Bangladeshi garment workers speak on campus in favor of safety accord

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The Student Action with workers invited two Bangladeshi workers to speak in the Union. These two have traveled across the country to at least 18 different schools in order to advocate the end of harmful environments for workers in factories. Aleya Akter (left) and Aklima Khanam (right) along with their translator.

One of many Bangladeshi workers on April 24, 2013 who stood outside the factory building that was falling apart, Aklima Khanam refused to go in to her workplace. But management physically abused and threatened to withhold the workers’ wages.

The roof of the Bangladeshi factory building collapsed that day, crushing machines and killing hundreds of Khanam’s coworkers.

Even though Khanam survived the Rana Plaza collapse, she was crushed by a machine and suffered severe head and chest injuries, which still prevent her from working.

Khanam, along with Aleya Akter , general secretary of the Bangladesh Garment & Industrial Workers Federation, sat in the Student Union Tuesday night, sharing their stories through a translator. The speak-out, held by Student Action with Workers , focused on the fight for safe workplaces and living wages in Bangladesh.

Students used Tuesday’s event to bolster their campaign to get Chancellor Carol Folt to require brands that do business with UNC to sign the Accord on Fire and Building Safety in Bangladesh. SAW plans to gather on the steps of South Building on April 24 to garner support for their cause.

After describing the dire working conditions she experienced, Khanam concluded with a call to action.

“We’re making the clothing for students at universities. Does that mean that students want us to die in building collapses and fires?” she said.

Akter spoke about about the causes and consequences of deadly factory disasters in Bangladesh and her struggle to force brands to accept responsibility for the safety conditions in their factories by signing the Bangladesh Safety Accord.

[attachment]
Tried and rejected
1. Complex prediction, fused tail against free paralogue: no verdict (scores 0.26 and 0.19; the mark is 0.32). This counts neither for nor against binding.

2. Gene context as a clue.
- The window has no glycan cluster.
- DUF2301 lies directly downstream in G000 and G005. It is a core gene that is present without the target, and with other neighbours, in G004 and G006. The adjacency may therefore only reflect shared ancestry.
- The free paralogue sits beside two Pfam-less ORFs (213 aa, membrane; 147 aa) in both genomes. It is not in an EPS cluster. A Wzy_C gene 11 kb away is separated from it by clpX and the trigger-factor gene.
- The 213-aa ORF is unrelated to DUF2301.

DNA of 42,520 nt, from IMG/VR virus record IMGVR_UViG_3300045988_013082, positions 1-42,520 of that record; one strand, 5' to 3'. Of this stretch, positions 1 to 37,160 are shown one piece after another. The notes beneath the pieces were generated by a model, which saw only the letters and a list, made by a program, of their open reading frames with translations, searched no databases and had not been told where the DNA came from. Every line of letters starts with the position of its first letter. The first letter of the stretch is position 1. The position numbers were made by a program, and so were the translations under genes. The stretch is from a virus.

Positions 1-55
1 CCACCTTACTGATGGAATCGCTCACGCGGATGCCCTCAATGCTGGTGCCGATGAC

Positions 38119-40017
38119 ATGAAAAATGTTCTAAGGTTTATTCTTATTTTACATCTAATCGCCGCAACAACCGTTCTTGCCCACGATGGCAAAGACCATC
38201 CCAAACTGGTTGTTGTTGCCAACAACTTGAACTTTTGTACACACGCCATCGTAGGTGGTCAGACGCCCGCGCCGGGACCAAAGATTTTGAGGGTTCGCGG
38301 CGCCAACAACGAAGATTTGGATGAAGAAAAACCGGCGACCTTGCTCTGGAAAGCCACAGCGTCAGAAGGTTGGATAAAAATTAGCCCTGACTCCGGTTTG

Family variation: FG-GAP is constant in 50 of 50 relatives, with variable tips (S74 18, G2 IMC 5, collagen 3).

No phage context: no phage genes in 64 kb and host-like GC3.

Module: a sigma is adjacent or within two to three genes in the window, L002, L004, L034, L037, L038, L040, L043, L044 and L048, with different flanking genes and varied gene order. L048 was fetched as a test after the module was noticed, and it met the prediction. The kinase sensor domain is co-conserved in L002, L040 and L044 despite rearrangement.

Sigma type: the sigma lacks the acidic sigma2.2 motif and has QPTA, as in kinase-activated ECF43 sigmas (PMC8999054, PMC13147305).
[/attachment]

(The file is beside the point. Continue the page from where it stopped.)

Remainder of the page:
“When I would go home from work, hired thugs from management would harass me on the street and make threats to me,” Akter said.

Akter said she and other workers struggled to obtain union status, but problems still pervade factory working conditions.

“Conditions now are worse than ever,” she said. “Now people are dying in factory fires and building collapses. There might still be factory fires and building collapses, but if there were unions in those factories so many people wouldn’t have died.”

Freshman Richard Lindayen , a member of SAW, was befuddled by how long Folt has taken to issue a decision on the Accord.

“She wants to take time to deliver (a decision). We believe she’s gotten enough time and input, and it’s time for a decision,” he said.

As of April, 16 universities — including Duke University and Pennsylvania State University — have required brands to sign the Accord, successfully pressuring eight college logo brands to sign the Accord.

Sophomore Hannah Vuncannon said she hopes UNC continues this trend.

“I hope Chancellor Folt will sign and that we can support Aklima and Aleya,” she said. “I hope April 24 will show her how much her students care about this issue and that she makes the decision of the workers and hears students’ voices and not corporations’.”

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